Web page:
Intersect Volume 1 : Metamorph
Overview - Something terrifying is reshaping the very fabric of the city of Detroit - and everyone in it. Living bodies twist and warp while the streets beneath their feet distort and crystallize, scrawling a grotesque new design on the face of the world. Nobody knows why... Read more...
More About Intersect Volume 1 by Ray Fawkes
Something terrifying is reshaping the very fabric of the city of Detroit - and everyone in it. Living bodies twist and warp while the streets beneath their feet distort and crystallize, scrawling a grotesque new design on the face of the world. Nobody knows why... and a violent compulsion to make sense of this altered state is taking hold of everyone caught on the inside...
Critically acclaimed cartoonist Ray Fawkes (ONE SOUL, Constantine, Batman: Eternal) brings a stunningly realized, poetic nightmare to life in this fully-painted volume collecting the first six issues of the controversial ongoing series INTERSECT.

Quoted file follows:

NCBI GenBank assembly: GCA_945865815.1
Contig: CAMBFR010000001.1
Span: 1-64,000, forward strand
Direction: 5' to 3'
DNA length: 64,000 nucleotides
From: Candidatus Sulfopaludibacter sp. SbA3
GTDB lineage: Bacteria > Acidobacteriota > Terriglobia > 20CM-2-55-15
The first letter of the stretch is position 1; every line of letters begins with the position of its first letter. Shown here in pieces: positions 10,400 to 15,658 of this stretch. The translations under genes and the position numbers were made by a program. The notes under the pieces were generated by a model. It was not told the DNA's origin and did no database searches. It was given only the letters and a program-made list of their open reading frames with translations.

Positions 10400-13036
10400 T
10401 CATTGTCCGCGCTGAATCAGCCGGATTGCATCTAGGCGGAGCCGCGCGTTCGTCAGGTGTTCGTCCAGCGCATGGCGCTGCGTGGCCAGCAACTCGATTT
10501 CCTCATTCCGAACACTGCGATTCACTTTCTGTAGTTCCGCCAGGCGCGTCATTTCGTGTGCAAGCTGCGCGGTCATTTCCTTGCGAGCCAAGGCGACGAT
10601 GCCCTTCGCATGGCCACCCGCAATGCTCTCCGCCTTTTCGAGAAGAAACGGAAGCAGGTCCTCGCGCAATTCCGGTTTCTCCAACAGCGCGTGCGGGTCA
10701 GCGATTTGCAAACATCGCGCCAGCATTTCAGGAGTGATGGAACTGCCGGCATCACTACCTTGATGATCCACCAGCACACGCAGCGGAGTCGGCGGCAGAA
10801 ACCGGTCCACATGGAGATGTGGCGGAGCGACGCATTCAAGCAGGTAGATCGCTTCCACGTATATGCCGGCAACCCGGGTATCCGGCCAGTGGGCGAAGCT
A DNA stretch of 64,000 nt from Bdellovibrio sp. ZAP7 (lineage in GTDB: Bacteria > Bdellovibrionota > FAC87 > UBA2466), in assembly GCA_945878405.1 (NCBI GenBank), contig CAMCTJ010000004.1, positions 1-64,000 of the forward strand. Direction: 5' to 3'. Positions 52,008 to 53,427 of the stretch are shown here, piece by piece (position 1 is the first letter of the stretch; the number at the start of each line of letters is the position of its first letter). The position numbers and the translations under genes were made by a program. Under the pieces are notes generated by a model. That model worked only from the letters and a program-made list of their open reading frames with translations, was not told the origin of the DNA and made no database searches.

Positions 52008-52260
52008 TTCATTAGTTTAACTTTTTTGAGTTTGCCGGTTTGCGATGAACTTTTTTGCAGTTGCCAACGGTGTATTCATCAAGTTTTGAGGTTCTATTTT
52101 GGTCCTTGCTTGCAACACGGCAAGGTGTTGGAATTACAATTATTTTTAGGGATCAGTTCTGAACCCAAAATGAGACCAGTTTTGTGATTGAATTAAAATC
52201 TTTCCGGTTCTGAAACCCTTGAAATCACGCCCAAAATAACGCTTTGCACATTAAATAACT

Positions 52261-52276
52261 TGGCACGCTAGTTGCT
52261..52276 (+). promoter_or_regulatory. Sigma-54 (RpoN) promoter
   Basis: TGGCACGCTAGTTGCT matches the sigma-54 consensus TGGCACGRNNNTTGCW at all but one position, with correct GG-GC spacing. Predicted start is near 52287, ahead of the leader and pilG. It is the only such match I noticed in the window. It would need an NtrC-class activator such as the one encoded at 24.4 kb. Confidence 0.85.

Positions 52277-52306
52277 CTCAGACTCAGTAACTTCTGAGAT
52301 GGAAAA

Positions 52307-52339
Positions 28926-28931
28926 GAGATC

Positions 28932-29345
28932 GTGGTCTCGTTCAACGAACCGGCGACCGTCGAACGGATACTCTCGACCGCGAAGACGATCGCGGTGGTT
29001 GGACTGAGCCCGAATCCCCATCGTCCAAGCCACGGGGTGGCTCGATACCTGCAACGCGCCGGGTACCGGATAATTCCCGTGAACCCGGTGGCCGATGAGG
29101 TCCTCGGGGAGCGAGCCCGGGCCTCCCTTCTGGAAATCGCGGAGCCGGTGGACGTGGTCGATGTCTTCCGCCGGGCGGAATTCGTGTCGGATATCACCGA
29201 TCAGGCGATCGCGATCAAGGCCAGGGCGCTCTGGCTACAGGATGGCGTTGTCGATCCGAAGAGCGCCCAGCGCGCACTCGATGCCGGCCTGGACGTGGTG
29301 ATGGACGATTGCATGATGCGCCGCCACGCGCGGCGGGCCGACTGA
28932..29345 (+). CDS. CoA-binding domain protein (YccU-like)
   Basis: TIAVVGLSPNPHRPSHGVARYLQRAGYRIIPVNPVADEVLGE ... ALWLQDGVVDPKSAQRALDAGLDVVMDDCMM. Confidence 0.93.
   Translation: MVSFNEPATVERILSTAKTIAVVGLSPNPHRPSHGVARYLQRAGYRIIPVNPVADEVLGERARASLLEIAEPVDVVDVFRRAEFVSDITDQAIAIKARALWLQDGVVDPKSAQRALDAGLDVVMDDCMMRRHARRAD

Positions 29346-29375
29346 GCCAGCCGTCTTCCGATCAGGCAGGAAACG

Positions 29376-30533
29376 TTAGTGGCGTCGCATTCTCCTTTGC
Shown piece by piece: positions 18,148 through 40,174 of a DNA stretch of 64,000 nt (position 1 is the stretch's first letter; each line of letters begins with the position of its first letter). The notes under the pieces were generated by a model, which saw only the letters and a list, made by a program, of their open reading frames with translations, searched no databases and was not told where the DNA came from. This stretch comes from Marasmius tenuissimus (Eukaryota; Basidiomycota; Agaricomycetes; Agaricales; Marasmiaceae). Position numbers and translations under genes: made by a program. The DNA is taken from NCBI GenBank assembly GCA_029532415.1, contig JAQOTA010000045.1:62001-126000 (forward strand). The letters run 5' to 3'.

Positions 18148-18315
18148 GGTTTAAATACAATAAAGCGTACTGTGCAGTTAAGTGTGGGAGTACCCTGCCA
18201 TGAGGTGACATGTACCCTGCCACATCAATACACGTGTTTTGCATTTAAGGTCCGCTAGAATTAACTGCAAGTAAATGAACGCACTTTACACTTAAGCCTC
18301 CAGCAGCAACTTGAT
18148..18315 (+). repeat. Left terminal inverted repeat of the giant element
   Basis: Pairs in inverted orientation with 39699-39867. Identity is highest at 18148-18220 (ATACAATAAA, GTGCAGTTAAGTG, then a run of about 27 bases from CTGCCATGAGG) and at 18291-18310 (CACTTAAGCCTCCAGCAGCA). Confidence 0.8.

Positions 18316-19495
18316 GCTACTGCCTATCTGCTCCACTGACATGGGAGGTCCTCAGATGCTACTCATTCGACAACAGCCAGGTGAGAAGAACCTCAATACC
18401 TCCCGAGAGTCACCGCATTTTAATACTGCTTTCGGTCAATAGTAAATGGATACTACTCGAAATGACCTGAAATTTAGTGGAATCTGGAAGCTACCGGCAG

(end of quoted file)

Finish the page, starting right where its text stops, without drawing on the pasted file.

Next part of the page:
Nothing will ever be the same again.
- ISBN-13: 9781632152794
- ISBN-10: 1632152797
- Publisher: Image Comics
- Publish Date: June 2015
- Page Count: 128
- Reading Level: Ages 16-UP
- Dimensions: 10 x 6.6 x 0.2 inches
- Shipping Weight: 0.6 pounds
Intersect Tp #1
Books > Comics & Graphic Novels > Horror
Publishers Weekly Reviews
Publishers Weekly® Reviews
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After creating the award-nominated graphic novels One Soul and The People Inside and writing superhero comics for DC and Marvel, Fawkes kicks off a new series of stand-alone graphic novels. Ali and Jason are two lovers stuck in the same body, battling for consciousness in a Detroit that's dealing with a huge and upsetting transformation to its entire population. Another character, the Kid, has a murkier backstory, emerging somehow from the body of a sick man. The two-in-one lovers flee with the Kid to attempt to figure out what is happening to their bodies and the world at large. The plot is innovative and ambitious; the story is extremely disorienting. Copious swearing and vague pronouncements rarely make it clear what is happening and why, or even, sometimes, who is speaking or narrating the story. The watercolor art supplies a bleeding, melted quality perfectly supporting both the amorphous nature of the story and the transformations going on within the plot. This interesting idea suffers from a flawed execution. (June)